General Hospital’s Harmony Miller and Sonny Corinthos have not crossed paths much in Port Charles…yet. But, that is sure to change when residents learn that Nina Reeves, not Harmony, is Willow Tait’s birth mother. Their portrayers, Inga Cadranel and Maurice Benard, sat down recently on the Easter episode of his video podcast, State Of Mind, and decided to learn more about one another.
Maurice Benard And Inga Cadranel: Breaking Free From The Past
Benard threw caution to the wind and just started the show with, “I am just going to talk to her and see where it goes.” Then, he asked the big question. “Where did you grow up?”
The actress, who is a mystery both on camera and off, revealed her humble beginnings. “My parents immigrated to Toronto. I am Canadian. I grew up in a very diverse neighborhood. Toronto is really diverse. I think it is one of the most diverse cities in the world. That is what National Geographic said once, I read. I started in government housing. Subsidized housing. The projects, I guess that is what you call it here. And everyone I grew up with was either immigrant, indigenous, or just poor people. All very mixed. It was a really cool, weird place to grow up.
“It was love and hate. It was love for all the people that I grew up with,” explained Cadranel, on her struggle with her past. “But there was violence. It was angry at times. It was scary with people you love turning on you. It was just like any other rough neighborhood-ish. So when I became old enough to leave and separate, I was like, ‘I need to get away from this.’ Get away from people that I thought betrayed me. A lot of bad stuff happened. We were like getting arrested a lot.”
Surviving Her Roots
The budding actress started to see the cracks in her foundation. “I looked around a bit, and people were not changing. I looked around, and people were like doing the same thing and just getting wasted every night. But then, I was on the cusp of moving here [California], and one of the kids I helped raise, you know how the older kids raise the younger kids? One of the kids I helped raise, who was like my best friend’s younger brother, killed himself. He hung himself. He was doing drugs, and he couldn’t take it anymore, and so he hung himself. My best friend found him.”
Cadranel returned to the old neighborhood only to finally find out the truth of who she was and how to be comfortable in her own skin. “There’s a lot of heartache that goes along with the old neighborhood, but you are there, and that’s who you are. There are pieces of you that is home. There are a lot of bad memories of just some dark s that we got into. And the solution to that is, well, run away from it. And just go, ‘That’s not me. That’s not me.’ And there is a part of me that will always be protective of myself, even if I go back home.”
Inga Cadranel: Dealing With Loss
Benard discussed how he wanted to dedicate a future State Of Mind to the subject of Fentanyl addiction. Cadranel agreed and described the loss of close friends to the drug. “Yes, I lost two friends to overdoses this year to fentanyl in Toronto, last summer. Another one of my brothers from that neighborhood. I happened to be in Toronto shooting something, so I could be there for the service. Which was messed up because I didn’t know he was homeless at that point. Someone found me on Facebook because we used to tell everyone that we were brother and sister growing up, so they found me and said, ‘Your brother, he died.’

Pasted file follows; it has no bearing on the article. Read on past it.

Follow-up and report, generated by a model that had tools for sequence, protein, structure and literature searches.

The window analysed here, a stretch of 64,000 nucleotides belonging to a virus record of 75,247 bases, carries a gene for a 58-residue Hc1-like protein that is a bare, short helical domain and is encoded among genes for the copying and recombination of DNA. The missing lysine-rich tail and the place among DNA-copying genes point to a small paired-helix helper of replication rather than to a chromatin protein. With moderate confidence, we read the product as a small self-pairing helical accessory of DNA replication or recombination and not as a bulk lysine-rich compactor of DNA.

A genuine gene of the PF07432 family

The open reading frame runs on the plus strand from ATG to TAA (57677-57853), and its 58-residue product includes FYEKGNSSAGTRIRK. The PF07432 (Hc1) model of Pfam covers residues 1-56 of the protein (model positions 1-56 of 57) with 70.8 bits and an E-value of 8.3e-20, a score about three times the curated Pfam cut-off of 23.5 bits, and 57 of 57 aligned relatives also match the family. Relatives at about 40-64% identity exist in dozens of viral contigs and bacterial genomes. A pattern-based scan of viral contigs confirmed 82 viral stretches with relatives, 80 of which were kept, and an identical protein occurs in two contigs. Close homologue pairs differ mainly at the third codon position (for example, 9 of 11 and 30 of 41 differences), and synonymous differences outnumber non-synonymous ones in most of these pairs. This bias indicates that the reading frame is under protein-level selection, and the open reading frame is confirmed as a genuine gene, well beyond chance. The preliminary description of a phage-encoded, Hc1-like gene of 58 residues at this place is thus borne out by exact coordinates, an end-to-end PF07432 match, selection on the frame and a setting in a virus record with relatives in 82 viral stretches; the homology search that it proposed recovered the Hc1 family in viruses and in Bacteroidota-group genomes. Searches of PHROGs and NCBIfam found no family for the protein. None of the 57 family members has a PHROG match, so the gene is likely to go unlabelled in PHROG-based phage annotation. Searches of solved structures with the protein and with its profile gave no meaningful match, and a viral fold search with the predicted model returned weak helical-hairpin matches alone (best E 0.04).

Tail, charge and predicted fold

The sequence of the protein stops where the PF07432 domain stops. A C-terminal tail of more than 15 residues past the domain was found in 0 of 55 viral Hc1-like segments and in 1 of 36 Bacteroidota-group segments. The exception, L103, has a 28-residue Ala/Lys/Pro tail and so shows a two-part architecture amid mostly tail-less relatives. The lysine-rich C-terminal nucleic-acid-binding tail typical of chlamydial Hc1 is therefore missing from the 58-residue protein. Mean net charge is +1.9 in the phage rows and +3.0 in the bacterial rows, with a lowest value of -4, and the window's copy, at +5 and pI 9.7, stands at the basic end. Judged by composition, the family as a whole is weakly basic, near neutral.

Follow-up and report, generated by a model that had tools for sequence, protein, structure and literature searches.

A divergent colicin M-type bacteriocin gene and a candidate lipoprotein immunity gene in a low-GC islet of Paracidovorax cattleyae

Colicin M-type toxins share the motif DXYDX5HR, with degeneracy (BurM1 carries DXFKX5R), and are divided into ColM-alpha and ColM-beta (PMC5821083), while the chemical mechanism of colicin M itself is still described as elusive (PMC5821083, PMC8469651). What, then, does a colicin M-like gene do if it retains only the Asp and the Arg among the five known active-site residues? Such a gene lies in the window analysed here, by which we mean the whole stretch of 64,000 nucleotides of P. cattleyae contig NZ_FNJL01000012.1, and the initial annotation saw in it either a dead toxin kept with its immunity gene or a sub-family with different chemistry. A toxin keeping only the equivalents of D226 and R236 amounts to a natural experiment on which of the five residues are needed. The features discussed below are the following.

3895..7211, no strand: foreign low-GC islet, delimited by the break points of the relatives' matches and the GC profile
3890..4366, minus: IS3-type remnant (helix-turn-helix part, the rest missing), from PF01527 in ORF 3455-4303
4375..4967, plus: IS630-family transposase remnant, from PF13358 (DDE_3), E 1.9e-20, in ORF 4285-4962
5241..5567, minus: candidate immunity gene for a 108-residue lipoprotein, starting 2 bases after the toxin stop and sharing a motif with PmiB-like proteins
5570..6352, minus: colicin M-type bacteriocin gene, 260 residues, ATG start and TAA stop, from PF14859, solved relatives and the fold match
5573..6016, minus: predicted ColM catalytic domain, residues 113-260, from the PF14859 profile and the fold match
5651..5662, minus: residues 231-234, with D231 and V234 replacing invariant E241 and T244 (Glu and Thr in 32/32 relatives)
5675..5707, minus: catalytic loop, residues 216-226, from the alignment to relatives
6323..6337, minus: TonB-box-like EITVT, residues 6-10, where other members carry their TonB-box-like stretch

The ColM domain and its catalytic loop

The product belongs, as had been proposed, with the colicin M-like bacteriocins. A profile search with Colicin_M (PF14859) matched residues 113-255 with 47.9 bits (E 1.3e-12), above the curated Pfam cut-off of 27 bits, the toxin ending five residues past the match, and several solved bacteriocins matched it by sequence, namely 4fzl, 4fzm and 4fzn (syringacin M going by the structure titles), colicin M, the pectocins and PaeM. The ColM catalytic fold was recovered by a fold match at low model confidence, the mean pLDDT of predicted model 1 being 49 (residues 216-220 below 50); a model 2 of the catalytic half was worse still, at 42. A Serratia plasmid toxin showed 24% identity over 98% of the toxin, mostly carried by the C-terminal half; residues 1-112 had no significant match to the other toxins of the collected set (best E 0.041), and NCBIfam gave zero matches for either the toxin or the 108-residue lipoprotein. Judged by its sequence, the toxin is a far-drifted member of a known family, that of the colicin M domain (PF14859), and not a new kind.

“I didn’t know I was going to speak,” she continued. “I thought I was just going to go there. I didn’t know what to expect. But when I heard everyone talk about him in the moment, I thought, ‘I have to tell them who he was before. I have to humanize him in that way.’” She was able to bring him to life in a meaningful way during the service. “They got to hear about him as a young person. He immigrated from Kenya in his twenties, so he was a young man, and they got to hear about him before drugs. He had a lot of mental health issues that came out with the drugs.”
Coping With Success
As her acting career began to thrive, Cadranel struggled with her own inner demon — anxiety. Something Benard knows well and has shared with the audience before. She recalled her experience. “At one time, I had terrible anxiety problems. It started when I became an actor who got some success. I was in my late twenties…it kind of started. I started booking a lot, pretty fast, and I freaked out. I was scared. I would have to talk myself up to be at work. On the weekends, I was curled up in a ball, crying. I would hide in a closet.”
Cadranel reached out to someone close when she struggled with those anxiety-inducing moments. “My boyfriend at the time, who is now my husband, he would literally talk me off the floor. He would have to talk to me in my trailer, talk me down from hyperventilating, freaking out.”
Eventually, she sought out medical help. Find out more about her rough beginnings, growing up in the hood, her dabbling in a punk rock band, her regrets, being raised as a child of immigrants, how she uses her experiences in her acting process, and how motherhood changed her life.
Stick around until the end and listen to Benard and Cadranel talk about their love for human stories of hope and the triumphant spirit, the show Intervention, and her time on the hit Canadian series Orphan Black.
General Hospital (GH) airs weekdays on ABC. Check your local listings for airtimes. For more about what’s coming up in Port Charles, check out all the latest that’s been posted on General Hospital spoilers, and for an in-depth look at the show’s history, click here.
Inga shares what it was like growing up in Toronto with immigrant parents who were both artists, her friend group there and her need to leave in order to spread her wings. (1/2) pic.twitter.com/JJs0JTR79J
— Maurice Benard (@MauriceBenard) April 17, 2022
— Maurice Benard (@MauriceBenard) April 18, 2022